“Fucking fucking transsexual”, “what the hell are you”, “faggot”… With these constantly repeated humiliating insults, Hugo Soleto (Cáceres, 28 years old) was received in a gambling hall in the city of Extremadura. The aggressors were two men aged 19 and 23 whom he tried to ignore, but the issue did not stop there. “When they went out to smoke, they bumped me on the shoulder and the insults escalated. One of them approached me, hitting my chest like a gorilla, he head-butted me and, when I turned to leave, he came from behind and punched me in the face,” Soleto recalls angrily. The reason: being a trans man. The bloody nose and a black eye were the physical consequences of that attack for reasons of LGTBIphobia that occurred in March 2023. A typology of hate crimes, against sexual orientation and gender identity, whose sentences have increased by 25 in 2022 % compared to the previous year, according to the Annual Report of the Prosecutor’s Office presented last week.
The sentences have gone from 30 in 2021 to 37 in 2022, the last year with data collected in the report. The State Attorney General, Álvaro García Ortiz, wanted to highlight his concern about this growth in the presentation of the judicial year that took place last Thursday. “The report of the Prosecutor’s Office warns of the rise in crimes motivated by LGTBIphobia, which occupy first place in convictions for crimes of hate and discrimination, followed by racism and xenophobia,” García Ortiz mentioned.
The upward trend in this type of crime skyrocketed in 2021. Thus, from the 169 events known in 2015, either through a complaint or police action, it rose to 466 two years ago, which represents an increase of 175% , according to data managed by the Ministry of the Interior. In 2022 there was a slight decrease and 459 were registered. These figures allow a double reading, according to the prosecutor of the Chamber against Hate and Discrimination Crimes, Miguel Ángel Aguilar, since it may be due to either the fact that there is a greater number of complaints , or because crimes of this type have increased. “Awareness campaigns make it easier for victims to report, but it may also be that there really is an increase in incidents on the street. “I do not rule out that it is a sum of both circumstances,” explains the prosecutor.
Groups in defense of LGTBI people agree that the main reason for this increase is the proliferation of hate speech. “The extreme right puts us at the level of the sick, of pedophiles, and accuses us of influencing the sexual orientation of children, and this causes other people with fewer filters to end up acting, as in the case of Samuel,” argues Fran Fernández. , general coordinator of the Lambda collective, in reference to the murder of Samuel Luiz. In July 2021, the 24-year-old young man was brutally attacked by a group of young people outside a bar in A Coruña shouting “faggot” and became a symbol of the fight against LGTBIphobia that triggered demonstrations throughout Spain. The hate crimes member of the State Federation of Lesbians, Gays, Transsexuals, Bisexuals, Intersexuals and more (FELGTBI+), Laura González, also speaks along the same lines: “They seemed like speeches that we had already overcome, but they are becoming normalized again and this emboldens people to insult or attack the group.”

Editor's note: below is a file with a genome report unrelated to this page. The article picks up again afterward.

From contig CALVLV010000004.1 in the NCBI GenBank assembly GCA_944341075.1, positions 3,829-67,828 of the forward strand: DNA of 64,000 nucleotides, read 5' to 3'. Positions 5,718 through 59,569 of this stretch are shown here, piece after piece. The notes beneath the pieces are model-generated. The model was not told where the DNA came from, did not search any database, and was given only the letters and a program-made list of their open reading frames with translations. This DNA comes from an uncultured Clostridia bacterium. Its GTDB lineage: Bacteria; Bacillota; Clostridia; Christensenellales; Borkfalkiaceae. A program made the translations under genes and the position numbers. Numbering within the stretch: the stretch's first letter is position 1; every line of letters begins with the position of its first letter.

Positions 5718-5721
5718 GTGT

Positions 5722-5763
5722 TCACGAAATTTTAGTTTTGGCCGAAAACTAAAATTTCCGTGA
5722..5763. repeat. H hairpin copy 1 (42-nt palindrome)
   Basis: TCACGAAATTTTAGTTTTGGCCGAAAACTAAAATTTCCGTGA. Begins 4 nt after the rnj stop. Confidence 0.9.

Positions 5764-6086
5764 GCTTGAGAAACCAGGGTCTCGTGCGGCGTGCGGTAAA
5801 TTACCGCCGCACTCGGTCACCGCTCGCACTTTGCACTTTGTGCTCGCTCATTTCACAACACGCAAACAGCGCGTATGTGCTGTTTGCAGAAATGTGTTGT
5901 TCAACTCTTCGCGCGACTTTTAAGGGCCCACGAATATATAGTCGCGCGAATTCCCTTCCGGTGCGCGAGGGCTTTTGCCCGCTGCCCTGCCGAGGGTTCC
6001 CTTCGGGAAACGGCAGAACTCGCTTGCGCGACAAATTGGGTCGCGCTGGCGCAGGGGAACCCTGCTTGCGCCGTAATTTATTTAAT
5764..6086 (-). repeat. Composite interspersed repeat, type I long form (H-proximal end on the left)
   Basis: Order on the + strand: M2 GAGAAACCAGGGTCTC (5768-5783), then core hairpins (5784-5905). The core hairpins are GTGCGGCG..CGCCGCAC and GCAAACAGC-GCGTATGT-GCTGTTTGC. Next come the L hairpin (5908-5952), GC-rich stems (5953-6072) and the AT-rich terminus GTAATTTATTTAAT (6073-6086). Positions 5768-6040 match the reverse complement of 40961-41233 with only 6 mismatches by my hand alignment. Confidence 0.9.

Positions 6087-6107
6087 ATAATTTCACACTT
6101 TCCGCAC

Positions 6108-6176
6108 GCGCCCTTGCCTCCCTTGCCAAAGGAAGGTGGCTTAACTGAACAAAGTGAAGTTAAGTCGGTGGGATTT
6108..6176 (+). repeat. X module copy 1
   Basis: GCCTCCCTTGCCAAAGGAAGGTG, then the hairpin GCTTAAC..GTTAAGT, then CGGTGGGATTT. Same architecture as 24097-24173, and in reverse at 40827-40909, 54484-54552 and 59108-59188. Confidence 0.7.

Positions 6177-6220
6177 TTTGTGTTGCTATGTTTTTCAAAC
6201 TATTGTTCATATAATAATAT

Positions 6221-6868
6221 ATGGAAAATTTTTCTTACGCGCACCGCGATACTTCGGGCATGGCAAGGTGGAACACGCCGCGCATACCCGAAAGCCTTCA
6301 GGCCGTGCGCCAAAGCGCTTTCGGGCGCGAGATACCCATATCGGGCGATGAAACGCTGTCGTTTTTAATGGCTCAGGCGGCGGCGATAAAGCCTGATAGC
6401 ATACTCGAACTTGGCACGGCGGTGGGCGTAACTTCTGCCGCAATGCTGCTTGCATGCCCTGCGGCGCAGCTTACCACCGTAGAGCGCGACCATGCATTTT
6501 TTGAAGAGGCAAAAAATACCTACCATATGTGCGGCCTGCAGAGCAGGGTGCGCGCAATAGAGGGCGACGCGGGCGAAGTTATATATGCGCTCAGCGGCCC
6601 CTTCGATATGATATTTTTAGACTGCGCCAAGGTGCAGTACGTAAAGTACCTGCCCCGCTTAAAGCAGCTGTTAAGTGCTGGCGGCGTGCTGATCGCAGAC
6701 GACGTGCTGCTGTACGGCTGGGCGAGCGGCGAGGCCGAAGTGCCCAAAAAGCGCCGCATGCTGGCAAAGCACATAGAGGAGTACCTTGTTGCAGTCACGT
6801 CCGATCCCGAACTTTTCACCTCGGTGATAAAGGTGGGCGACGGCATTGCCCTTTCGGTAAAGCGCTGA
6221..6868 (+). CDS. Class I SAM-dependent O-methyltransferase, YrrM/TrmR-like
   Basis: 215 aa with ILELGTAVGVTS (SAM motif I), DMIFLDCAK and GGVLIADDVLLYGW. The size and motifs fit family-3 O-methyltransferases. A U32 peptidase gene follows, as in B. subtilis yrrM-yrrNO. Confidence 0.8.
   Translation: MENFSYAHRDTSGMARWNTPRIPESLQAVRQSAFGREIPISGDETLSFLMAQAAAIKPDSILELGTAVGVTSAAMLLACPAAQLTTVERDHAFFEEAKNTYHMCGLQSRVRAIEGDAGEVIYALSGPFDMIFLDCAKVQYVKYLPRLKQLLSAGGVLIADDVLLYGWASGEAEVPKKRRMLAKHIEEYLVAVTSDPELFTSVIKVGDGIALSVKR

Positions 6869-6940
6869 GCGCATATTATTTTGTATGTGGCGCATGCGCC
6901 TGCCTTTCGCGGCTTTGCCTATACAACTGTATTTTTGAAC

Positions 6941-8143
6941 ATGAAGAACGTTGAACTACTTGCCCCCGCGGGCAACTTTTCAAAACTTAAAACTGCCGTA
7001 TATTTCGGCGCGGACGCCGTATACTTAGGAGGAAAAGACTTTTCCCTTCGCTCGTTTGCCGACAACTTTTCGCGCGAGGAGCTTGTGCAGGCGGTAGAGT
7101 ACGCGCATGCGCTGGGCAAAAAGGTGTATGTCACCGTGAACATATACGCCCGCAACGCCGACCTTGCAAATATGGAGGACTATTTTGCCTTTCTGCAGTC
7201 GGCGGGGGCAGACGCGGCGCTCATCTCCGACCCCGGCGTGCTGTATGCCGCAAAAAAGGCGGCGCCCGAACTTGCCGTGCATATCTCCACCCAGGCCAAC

Anxiety and anguish took over Hugo Soleto during the weeks after the attack. “Someone came to talk to me from behind and I got scared right away,” he remembers. He has been receiving psychological care since the events occurred and was trying to find an explanation for what happened: “I kept asking myself why, why me, why me.” The fear of not being able to defend oneself and of suffering some more serious aggression still persists, he says.
Soleto decided to file a complaint at the insistence of the police officers who treated him and also wanted to continue with the judicial process, despite the uncertainty of possible retaliation. “I was very afraid in case something happened to my family or myself,” he remembers. Soleto’s case, however, is not common, since only 20% of hate crimes against the group are reported, according to the LGTBI+ Status 2023 report, published in May by the FELGTBI+. “I want it to serve to make it more visible and to push more victims to report,” Soleto argues.
The groups also agree on the three factors that keep the percentage of complaints at 20%: the circumstances of the victim, who if she reports is forced to come out of the closet in all areas of her life; the lack of trust in the police, and doubts about the resolution of their case at the judicial level. The general coordinator of Lambda explains that they are working with “the different bodies so that there is greater awareness.”
The Prosecutor’s Office warns in its Annual Report of “the difficulties in having effective control and being able to record and monitor complaints about hate crimes,” since the data does not always arrive homogenized from the communities. For this reason, prosecutor Aguilar is committed to promoting a unified count in the coming months or next year, as required in the Comprehensive Law for Equal Treatment and Non-Discrimination, published in the Official State Gazette in July 2022. “It is necessary to put figures to the suffering,” says Aguilar.
Soleto began the transition process a year ago and estimates that he still has at least six more months left. Despite knowing that his attackers were not from Cáceres, he decided to leave work because he felt “a lot of anxiety.” He is now waiting for the trial to take place, expectedly this October, to try to start over: “I just want the trial to be held and for those people to learn.”
028 assists victims of hate crimes and discrimination due to LGTBIphobia 24 hours a day and in six languages, as does the email [email protected] and the chat www.igualdad.gob.es/Paginas/chat028 .html
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